Marco Hutter is determined to find solutions to the challenging aspects of robotics.

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5 min read

The AI Institute’s Boston headquarters is brimming with robotics projects.

The AI Institute

Last December, the AI Institute announced that it was opening an office in Zurich as a European counterpart to its Boston headquarters and recruited Marco Hutter to helm the office. Hutter also runs the Robotic Systems Lab at ETH Zurich, arguably best known as the origin of the ANYmal quadruped robot (but it also does tons of other cool stuff).

We’re doing our best to keep close tabs on the institute, because it’s one of a vanishingly small number of places that currently exist where roboticists have the kind of long-term resources and vision necessary to make substantial progress on really hard problems that aren’t quite right for either industry or academia. The institute is still scaling up (and the branch in Zurich has only just kicked things off), but we did spot some projects that the Boston folks have been working on, and as you can see from the clips at the top of this page, they’re looking pretty cool.

Meanwhile, we had a chance to check in with Marco Hutter to get a sense of what the Zurich office will be working on and how he’s going to be solving all of the hard problems in robotics. All of them!

How much can you tell us about what you’ll be working on at the AI Institute?

Marco Hutter: If you know the research that I’ve been doing in the past at ETH and with our startups, there’s an overlap on making systems more mobile, making systems more able to interact with the world, making systems in general more capable on the hardware and software side. And that’s what the institute strives for.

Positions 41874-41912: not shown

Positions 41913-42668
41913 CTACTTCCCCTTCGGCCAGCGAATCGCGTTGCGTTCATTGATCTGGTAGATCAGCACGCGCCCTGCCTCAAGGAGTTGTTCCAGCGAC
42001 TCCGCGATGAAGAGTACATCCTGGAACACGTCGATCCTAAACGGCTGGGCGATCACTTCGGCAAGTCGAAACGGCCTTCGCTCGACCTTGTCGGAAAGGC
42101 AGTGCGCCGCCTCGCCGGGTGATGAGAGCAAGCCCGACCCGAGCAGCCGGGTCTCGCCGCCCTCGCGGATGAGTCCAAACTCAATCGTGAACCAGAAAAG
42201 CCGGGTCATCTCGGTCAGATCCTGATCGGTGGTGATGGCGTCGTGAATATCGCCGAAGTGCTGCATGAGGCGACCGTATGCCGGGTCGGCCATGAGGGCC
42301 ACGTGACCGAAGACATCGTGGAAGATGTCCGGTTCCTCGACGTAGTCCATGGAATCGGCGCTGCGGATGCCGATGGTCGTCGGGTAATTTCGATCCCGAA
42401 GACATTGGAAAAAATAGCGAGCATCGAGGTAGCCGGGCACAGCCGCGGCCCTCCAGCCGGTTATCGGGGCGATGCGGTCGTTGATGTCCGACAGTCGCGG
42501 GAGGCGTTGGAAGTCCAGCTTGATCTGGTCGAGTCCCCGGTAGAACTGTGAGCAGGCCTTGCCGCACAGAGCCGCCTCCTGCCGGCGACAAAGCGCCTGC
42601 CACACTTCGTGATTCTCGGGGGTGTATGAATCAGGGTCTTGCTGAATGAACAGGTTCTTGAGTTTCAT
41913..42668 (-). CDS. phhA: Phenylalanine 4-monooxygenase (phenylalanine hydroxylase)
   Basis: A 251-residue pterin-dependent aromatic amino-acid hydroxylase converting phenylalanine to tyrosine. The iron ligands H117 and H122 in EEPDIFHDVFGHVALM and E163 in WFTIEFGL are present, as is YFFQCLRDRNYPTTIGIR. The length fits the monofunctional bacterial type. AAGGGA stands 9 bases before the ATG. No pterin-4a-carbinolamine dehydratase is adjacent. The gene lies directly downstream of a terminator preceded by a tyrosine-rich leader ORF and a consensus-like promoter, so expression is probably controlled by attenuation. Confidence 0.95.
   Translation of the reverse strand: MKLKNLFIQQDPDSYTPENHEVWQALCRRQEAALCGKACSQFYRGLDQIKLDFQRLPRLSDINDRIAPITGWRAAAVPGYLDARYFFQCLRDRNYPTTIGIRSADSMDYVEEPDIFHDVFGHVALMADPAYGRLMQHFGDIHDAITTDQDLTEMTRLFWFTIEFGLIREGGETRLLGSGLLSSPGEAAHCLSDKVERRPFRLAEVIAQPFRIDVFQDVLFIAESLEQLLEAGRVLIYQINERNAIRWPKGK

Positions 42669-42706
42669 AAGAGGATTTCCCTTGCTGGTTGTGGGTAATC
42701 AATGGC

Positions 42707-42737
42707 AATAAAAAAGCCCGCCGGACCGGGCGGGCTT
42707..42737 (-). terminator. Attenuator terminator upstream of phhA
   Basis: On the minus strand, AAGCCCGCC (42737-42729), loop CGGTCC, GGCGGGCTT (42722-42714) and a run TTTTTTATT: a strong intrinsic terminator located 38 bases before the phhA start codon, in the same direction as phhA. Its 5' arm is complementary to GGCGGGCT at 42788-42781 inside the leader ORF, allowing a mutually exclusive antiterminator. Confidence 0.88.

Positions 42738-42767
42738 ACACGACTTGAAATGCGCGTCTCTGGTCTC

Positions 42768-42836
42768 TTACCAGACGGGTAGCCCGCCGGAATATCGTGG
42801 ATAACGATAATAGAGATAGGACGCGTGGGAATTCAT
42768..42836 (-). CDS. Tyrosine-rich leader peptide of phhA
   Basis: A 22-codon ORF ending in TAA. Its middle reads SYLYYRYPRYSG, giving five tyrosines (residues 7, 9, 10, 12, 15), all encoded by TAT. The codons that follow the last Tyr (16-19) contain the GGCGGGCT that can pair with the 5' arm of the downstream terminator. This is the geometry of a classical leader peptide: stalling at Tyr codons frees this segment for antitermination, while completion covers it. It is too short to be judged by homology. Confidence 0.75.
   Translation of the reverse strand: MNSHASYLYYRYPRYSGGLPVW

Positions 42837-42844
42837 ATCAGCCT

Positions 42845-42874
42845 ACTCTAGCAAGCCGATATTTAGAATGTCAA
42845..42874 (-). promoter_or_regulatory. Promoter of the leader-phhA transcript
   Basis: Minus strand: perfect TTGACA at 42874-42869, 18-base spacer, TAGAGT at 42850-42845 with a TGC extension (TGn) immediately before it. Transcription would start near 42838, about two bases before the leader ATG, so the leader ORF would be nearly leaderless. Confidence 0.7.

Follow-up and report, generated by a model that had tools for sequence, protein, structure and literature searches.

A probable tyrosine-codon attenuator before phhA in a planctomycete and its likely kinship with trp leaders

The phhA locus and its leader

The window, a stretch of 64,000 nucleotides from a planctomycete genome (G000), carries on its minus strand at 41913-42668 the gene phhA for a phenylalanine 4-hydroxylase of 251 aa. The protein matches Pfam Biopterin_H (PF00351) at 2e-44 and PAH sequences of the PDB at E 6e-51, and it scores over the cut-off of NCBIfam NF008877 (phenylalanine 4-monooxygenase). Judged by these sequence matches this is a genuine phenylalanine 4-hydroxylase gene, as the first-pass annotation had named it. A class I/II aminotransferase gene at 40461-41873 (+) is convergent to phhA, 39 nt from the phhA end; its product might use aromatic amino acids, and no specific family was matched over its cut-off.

The institute describes itself as a research organization that aims to solve the most important and fundamental problems in robotics and AI. What do you think those problems are?

Marco Hutter is the head of the AI Institute’s new Zurich branch.Swiss Robotics Day

Hutter: There are lots of problems. If you’re looking at robots today, we have to admit that they’re still pretty stupid. The way they move, their capability of understanding their environment, the way they’re able to interact with unstructured environments—I think we’re still lacking a lot of skills on the robotic side to make robots useful in all of the tasks we wish them to do. So we have the ambition of having these robots taking over all these dull, dirty, and dangerous jobs. But if we’re honest, today the biggest impact is really only for the dull part. And I think these dirty and dangerous jobs, where we really need support from robots, that’s still going to take a lot of fundamental work on the robotics and AI side to make enough progress for robots to become useful tools.

What is it about the institute that you think will help robotics make more progress in these areas?

Hutter: I think the institute is one of these unique places where we are trying to bring the benefits of the academic world and the benefits from this corporate world together. In academia, we have all kinds of crazy ideas and we try to develop them in all different directions, but at the same time, we have limited engineering support, and we can only go so far. Making robust and reliable hardware systems is a massive effort, and that kind of engineering is much better done in a corporate lab.

You’ve seen this a little bit with the type of work my lab has been doing in the past. We built simple quadrupeds with a little bit of mobility, but in order to make them robust, we eventually had to spin it out. We had to bring it to the corporate world, because for a research group, a pure academic group, it would have been impossible. But at the same time, you’re losing something, right? Once you go into your corporate world and you’re running a business, you have to be very focused; you can’t be that explorative and free anymore.